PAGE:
Best Shots Review: FIRST STRIKE #1 'Serious, Tense, & Rollicking'

IDW Publishing August 2017 cover
Credit: IDW Publishing
Credit: Freddie E. Williams II (IDW Publishing)

First Strike #1
Written by Mairghread Scott, David A. Rodriguez, and John Barber
Art by Max Dunbar, Ander Zarate, Netho Diaz, Walden Wong and David Garcia Cruz
Lettering by Tom B. Long
Published by IDW Publishing
‘Rama Rating: 9 out of 10

Credit: Max Dunbar (IDW Publishing)

Saturday mornings get serious in the tense and rollicking opening installment of First Strike, IDW’s latest Hasbro Universe crossover. Bringing together the Transformers, G.I. Joe, ROM, M.A.S.K, and the Micronauts, writers Mairghread Scott, David A. Rodriguez, and John Barber take the contents of your childhood toy box and construct something that feels like a multi-million dollar feature film with the contents, delivering action, high stakes, and an engaging core concept in the process.

Translating the slick heroics and snappy banter of Scott and Rodriguez’s script are artists Max Dunbar and colorist Ander Zarate. Though not as strikingly precise as say Kei Zama’s work on Optimus Prime or as splashy as Giannis Milonogiannis’ G.I. Joe, Dunbar and Zarate lean into the cinematic nature of the script and produce pages that thread the needle between explosive set pieces and expressive character models very well. IDW’s Hasbro books have quietly been some of the more entertaining licensed comic books on shelves as of late, but with First Strike #1, it looks as if the Hasbro Universe is done being quiet and is ready to burst back onto the summer event scene in a big way.

Credit: Max Dunbar (IDW Publishing)

For years now the Transformers’ civil wars have put Earth in the crosshairs and each time humanity has barely survived. Scarlett says it herself early on in this issue, humanity is out of their weight class and no one seems to know just how to even the playing field. No one except Joe Colton, now known as Red Shadows leader Baron Ironblood, and a reborn COBRA, that is.

Which brings us to the titular first strike. Scott and Rodriguez, who provide a neatly succinct primer on the recent state of the IDW/Hasbro Universe and Earth’s new role in Cybertronian politics, prime a powder keg for all the teams involved and then literally blow it right the hell up in the first ten pages of the debut. This bold move not only kicks the story off in a big way but adds a delicious tension to the opening overall. With the Joes’ main squads split between Earth and Cybertron and the Transformers already in a precarious political position, First Strike feels like it has genuine stakes and ramifications for the heroes. This isn’t just another round of action figure fantasy warfare, First Strike #1 starts big and threatens only to get bigger in future issues.

But while Scott and Rodriguez have major plans for the heroes, they don’t let the actual characters get lost in the shuffle. The pair pick up the characterizations laid out by the rest of the Hasbro writing staff from their respective titles and run with them, providing plenty of funny banter and pathos along the way. Scarlett in particular gets plenty of time center stage as Colton’s attack carries both personal and professional stakes for the new Joe commanding officer. Scott and Rodriguez explore this throughout the propulsive plot while giving her plenty of top notch foils like the wry Lady Jaye, scene stealing Quick-Kick, and the ever charming Roadblock. Though Starscream and his minions... erm, allies Optimus Prime, Windblade, and Pyra Magna on Cybertron are a little underserved in this debut as they are mostly on the defensive, Mairghread Scott and David A. Rodriguez state their intent to handle the large cast with care and then make good across their page count.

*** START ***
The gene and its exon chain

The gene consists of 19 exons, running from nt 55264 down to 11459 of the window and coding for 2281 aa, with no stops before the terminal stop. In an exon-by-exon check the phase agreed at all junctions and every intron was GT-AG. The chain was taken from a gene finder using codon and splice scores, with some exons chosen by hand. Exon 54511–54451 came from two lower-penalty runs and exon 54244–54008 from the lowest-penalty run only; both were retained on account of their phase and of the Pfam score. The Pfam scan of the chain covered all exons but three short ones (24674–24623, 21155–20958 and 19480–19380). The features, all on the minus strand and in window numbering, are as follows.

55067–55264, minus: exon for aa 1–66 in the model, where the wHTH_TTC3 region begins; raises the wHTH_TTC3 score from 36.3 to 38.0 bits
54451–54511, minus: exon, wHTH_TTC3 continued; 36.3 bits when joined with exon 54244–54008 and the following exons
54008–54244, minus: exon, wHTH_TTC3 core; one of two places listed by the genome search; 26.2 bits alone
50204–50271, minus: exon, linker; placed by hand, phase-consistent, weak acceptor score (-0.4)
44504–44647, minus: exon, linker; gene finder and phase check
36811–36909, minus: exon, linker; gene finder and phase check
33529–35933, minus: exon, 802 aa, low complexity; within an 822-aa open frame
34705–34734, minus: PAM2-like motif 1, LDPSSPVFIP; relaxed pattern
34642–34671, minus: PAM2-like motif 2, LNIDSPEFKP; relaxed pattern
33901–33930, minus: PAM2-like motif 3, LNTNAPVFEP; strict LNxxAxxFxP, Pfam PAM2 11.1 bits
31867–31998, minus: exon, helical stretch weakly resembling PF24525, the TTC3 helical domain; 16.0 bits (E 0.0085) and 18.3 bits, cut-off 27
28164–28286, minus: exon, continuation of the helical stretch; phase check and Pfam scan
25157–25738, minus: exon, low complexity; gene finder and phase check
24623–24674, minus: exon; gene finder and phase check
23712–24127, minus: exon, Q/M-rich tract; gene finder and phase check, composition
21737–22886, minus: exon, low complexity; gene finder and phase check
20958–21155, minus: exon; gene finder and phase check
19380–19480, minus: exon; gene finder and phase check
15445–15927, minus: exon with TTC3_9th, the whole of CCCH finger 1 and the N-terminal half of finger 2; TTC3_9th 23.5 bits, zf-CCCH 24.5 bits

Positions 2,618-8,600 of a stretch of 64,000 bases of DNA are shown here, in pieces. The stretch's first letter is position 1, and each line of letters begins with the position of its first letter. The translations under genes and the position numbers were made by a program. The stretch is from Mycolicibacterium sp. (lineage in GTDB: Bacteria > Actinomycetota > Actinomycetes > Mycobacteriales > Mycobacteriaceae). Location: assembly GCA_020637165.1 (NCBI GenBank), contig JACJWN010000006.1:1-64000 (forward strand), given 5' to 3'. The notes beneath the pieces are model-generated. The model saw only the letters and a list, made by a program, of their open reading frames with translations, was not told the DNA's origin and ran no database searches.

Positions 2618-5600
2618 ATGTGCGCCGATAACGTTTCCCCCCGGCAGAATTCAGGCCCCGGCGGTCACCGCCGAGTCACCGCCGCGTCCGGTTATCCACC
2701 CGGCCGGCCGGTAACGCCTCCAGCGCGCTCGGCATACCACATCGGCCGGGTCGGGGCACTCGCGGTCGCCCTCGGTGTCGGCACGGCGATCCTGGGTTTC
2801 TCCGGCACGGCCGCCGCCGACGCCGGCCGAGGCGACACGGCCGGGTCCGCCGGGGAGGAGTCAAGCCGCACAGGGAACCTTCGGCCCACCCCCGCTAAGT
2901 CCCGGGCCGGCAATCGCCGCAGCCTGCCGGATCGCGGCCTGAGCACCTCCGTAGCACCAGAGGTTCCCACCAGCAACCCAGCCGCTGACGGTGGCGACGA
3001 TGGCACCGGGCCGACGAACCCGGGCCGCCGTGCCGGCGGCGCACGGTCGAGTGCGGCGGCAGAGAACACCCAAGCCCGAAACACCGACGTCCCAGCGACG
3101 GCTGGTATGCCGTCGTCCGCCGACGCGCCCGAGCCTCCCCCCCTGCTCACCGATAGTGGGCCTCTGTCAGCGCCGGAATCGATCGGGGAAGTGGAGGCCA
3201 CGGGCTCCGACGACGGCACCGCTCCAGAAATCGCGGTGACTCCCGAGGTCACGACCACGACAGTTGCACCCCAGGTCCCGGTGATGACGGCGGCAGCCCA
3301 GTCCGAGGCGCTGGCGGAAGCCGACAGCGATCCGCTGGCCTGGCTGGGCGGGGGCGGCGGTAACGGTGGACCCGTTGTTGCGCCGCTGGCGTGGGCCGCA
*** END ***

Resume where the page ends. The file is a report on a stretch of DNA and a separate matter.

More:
Credit: Max Dunbar (IDW Publishing)

Speaking of good, artist Max Dunbar and colorist Ander Zarate go for the gusto here, bringing a Mark Bagley-like energy and tone to the Hasbro Universe. Striking a nice balance between emoting and exploding, Dunbar’s characters, even the robotic ones, look human albeit a touch exaggerated. Dunbar’s sense of scale also gets an entertaining work out in the form of Ironblood’s Trojan Horse like attack on Iacon and colorist Zarate keeps pace the whole time, shifting from gleaming chromatic sunshine on Cybertron to LED and plasma screen lit bunkers with ease. While it might be a bit hacky to say IDW has been doing better Transformers and G.I. Joe movies than Hollywood has as of late, it becomes harder to argue once you see an issue like First Strike #1.

Though Matt Trakker, the Micronauts, and the enigmatic Space Knight are absent during the opening, there is still plenty of fun to be had with First Strike #1. When you think of a Hasbro toys crossover comic book, you probably wouldn’t think “political action thriller with themes of paranoid isolationism and paternal honor,” but here we are.

Now get to a comic book shop, soldier. You don’t want to miss the war.

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